Thursday, 30 August 2012
The Autumn Gentian is about the last in my flora year. Yesterday I went along to Silverdale to check out the Autumn Lady's Tresses, but none there, either they had gone over rapidly or they have just not flowered this year. So very soon now, days rather than weeks it will be back to the birding and checking out the visible migration over Hutton Roof.
Even today whilst traversing Hutton Roof, lots of birding activity was taking place. I had a passage Wheatear sat on top of the Trig Point, several small parties of Siskin moving South East, also had small parties of Swallows making their exit SE. A 30+ Meadow Pipit blogging party around the Trig Point, a 50+ blogging party of Goldfinch around the Trig Point, odd Greenfinch calling overhead. And two Ravens "cronking" whilst crossing over Hutton Roof.
Saturday, 25 August 2012
Above are more photos of the rare purple broad leaved helliborine found on Hutton Roof which I took yesterday.
Also whilst traversing through Lancelot Clarke Storth, at the clearing area a couple of hundred yards behind the "memorial seat", I was very privileged to watch for over 30 minutes a family party of at least 5 "Spotted Flycatchers", all calling very noisily throughout with their "tsee" contact calls and sounding not too dissimilar to a party of "Long Tailed Tits". They were constantly on the move flitting across to the bordering trees, with lots of acrobatics whilst catching their prey in mid flight. At one time all the birds were in the same tree.
Our local birds left in the middle to late July, so these birds are probably from far off lands and calling in to feed, before proceeding further on their nocturnal passage back to Africa. After checking my notes from last year I did also have a party of Spotted Flycatchers further across in Dalton on the following day last year the 25th. So its obviously a good time to catch these fabolous passage birds.
Thursday, 23 August 2012
This morning I went up Hutton Roof to try and get some "epichile" photos of suspected hybrids, but the breeze was too strong and I will have to try again with the tripod.
To my suprise I had missed a couple of Broad Leaved Helliborines, which sort of laid back from the rest and could easily be missed (like I did yesterday). Yet today I noticed them and what a beautiful colour.
Although the photos are not the best, I have included them here to give you some idea and will try and get up again tomorrow to take some better ones.
For now please enjoy the photos of the variant Broad Leaved Helliborine "Purpurea"
IF YOU WANT TO SEE MORE PURPLE VARIANT PHOTOS PLEASE CLICK HERE.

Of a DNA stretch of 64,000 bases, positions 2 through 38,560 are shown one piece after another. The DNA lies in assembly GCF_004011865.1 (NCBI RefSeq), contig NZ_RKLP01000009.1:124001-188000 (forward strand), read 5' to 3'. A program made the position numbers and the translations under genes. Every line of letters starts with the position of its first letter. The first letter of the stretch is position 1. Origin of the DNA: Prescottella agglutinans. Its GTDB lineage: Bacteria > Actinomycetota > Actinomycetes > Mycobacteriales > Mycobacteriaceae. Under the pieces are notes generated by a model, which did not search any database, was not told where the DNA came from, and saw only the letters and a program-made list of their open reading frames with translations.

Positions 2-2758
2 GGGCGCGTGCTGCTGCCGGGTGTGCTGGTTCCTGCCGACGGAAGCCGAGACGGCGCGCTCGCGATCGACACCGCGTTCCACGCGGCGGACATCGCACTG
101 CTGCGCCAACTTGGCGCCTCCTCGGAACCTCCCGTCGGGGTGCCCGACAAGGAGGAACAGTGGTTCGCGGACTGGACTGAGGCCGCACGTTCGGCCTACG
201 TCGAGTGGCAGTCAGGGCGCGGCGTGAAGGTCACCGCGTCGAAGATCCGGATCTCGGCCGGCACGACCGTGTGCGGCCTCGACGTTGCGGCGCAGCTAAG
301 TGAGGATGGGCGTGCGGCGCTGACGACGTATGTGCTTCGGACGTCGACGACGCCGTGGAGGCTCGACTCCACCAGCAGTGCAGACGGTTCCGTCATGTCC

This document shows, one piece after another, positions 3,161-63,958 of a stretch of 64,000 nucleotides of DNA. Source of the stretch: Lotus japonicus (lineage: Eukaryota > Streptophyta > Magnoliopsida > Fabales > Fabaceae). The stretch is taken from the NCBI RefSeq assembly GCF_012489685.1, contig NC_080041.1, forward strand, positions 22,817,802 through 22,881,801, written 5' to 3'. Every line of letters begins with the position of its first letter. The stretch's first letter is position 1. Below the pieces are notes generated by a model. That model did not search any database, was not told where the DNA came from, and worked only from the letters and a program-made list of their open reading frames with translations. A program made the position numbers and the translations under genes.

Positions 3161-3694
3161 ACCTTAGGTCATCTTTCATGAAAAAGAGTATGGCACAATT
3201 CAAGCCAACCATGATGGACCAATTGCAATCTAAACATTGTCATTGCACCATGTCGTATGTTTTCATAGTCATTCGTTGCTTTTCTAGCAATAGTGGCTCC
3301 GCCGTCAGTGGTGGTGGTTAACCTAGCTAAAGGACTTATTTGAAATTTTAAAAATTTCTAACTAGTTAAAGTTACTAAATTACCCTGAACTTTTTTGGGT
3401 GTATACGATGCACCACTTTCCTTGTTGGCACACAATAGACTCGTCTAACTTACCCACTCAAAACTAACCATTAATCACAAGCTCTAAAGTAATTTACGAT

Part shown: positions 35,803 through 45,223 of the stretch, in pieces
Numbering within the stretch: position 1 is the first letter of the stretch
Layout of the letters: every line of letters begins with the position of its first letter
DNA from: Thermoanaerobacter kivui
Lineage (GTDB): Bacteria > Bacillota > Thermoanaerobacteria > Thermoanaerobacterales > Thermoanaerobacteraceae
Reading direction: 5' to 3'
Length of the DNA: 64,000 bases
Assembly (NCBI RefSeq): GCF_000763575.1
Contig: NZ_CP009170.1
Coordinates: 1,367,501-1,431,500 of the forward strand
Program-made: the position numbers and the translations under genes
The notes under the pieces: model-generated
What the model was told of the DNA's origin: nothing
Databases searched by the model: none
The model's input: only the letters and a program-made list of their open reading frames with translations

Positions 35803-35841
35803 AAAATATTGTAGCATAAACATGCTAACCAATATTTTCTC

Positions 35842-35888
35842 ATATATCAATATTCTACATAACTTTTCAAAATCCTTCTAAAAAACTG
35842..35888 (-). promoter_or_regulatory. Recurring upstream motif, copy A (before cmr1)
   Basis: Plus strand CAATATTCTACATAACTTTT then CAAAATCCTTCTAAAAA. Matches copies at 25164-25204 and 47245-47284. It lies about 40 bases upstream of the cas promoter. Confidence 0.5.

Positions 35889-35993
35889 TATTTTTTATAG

If you are further interested in the discussion so far offered on this, you can if you wish click on the link here to follow up at the (Wild About Britain site)
Because most of the Broad Leaved have now gone over, I need to get out today and try and photo some of the "epichiles" to try and establish if we have more of these "hybrids".
I was up last on Hutton Roof on Tuesday last and was checking out the three located "Autumn Gentians" and already, the best of the three has been got at! in a very delicate fashion, perhaps nibbled by a rabbit or even a mouse, but sadly it has taken off the flower stems has can been seen in the photo.
The Squinancywort is hardly present this year compared to the past two years, when it was literally fully covering the embankment for up to 100 yards. This year there is just small sporadic amounts over a area of some 40 yards. A very bad year indeed for this species.
A flock of about fifteen birds what was thought to be Siskin, flew over heading South, and gave the immpression they were on the move. Some of the Swallows and Martins have started thinning out now.
Friday, 17 August 2012
(Please click over sketch to enlarge)
Whilst travelling through Burton In Kendal this morning delivering the newspapers at the early time of about 6.10hrs I had calling "Willow Warbler or Chiffchaff" quite near to Burton House and it was making the "houwit" contact call. Without actually seeing the bird it would be difficult to confirm which of the "warblers" it was. But If I had to take a guess I would have gone for the former, which in 8 times out of 10, it would be the Willow Warbler. Also it was nice to hear (though very faint calls) the contact calls of nearby Goldcrest.
Talking about Willow Warblers, the last few days when I have been going up on Hutton Roof, I have heard several calling. Most of them were actually doing their "crescendo call" which did seem strange at this time of year.
About ten days ago there were lots of Willow Warblers at Haweswater (Silverdale), I must have counted at least 10 or more, just flitting about doing flycatching sallies amongs the lower branches of the surrounding large conifers to the back of the "boardwalk". There would I presume have been at least three separate family groups, which had probably called in during the early daylight hours to rest and feed up before setting of yet again on another stage of their nocturnal journey onwards to Africa.
Just going through some of my sketches, and noticed this one on the "Coffin Route" at Grasmere, with areas of relevance shown with gps co-ordinance etc.
Thursday, 16 August 2012
I thought today I would go and check out the Autumn Gentian and the Squinancywort.
At first I was getting very worried on both accounts, because I could not find any gentian, certainly at the areas where they were last year, and although I did eventually find the squinancywort it seemed thin on the ground compared to the past couple of years.
Eventually I did also find three Gentian plants tucked away. They were just about the right stage of growth for the time of year with perhaps another week or ten days to go before they come into their prime. All three were showing their normal purplish colouring. Last years "white one" and the others last year just wernt there, but I do think that two of them got taken out with probable rabbits! Lets hope this year they might just get going. I have taken a couple of photos here but will try and get up next week and hopefully get some whilst in bloom...
Also just showing how quick the Ragwort has got hold on Dalton's "deforested".
Sunday, 12 August 2012
Saturday, 11 August 2012
This Broad Leaved Helliborine was as you would expect about three weeks ago. A very fine specimen but the top of the spike was still limp.
On checking it out today (3 weeks later) I was so suprised to see this bunch flower head effect. On close inspection of the floret I could see evidence where the actual original spike had been munched off probably with deer. But so suprised to see how quickly new flowers had compensated and more so I would say actually over compensated with far more flowers than you would have normally had.
Thursday, 9 August 2012
These are just a few of the photos I have taken over the past few days.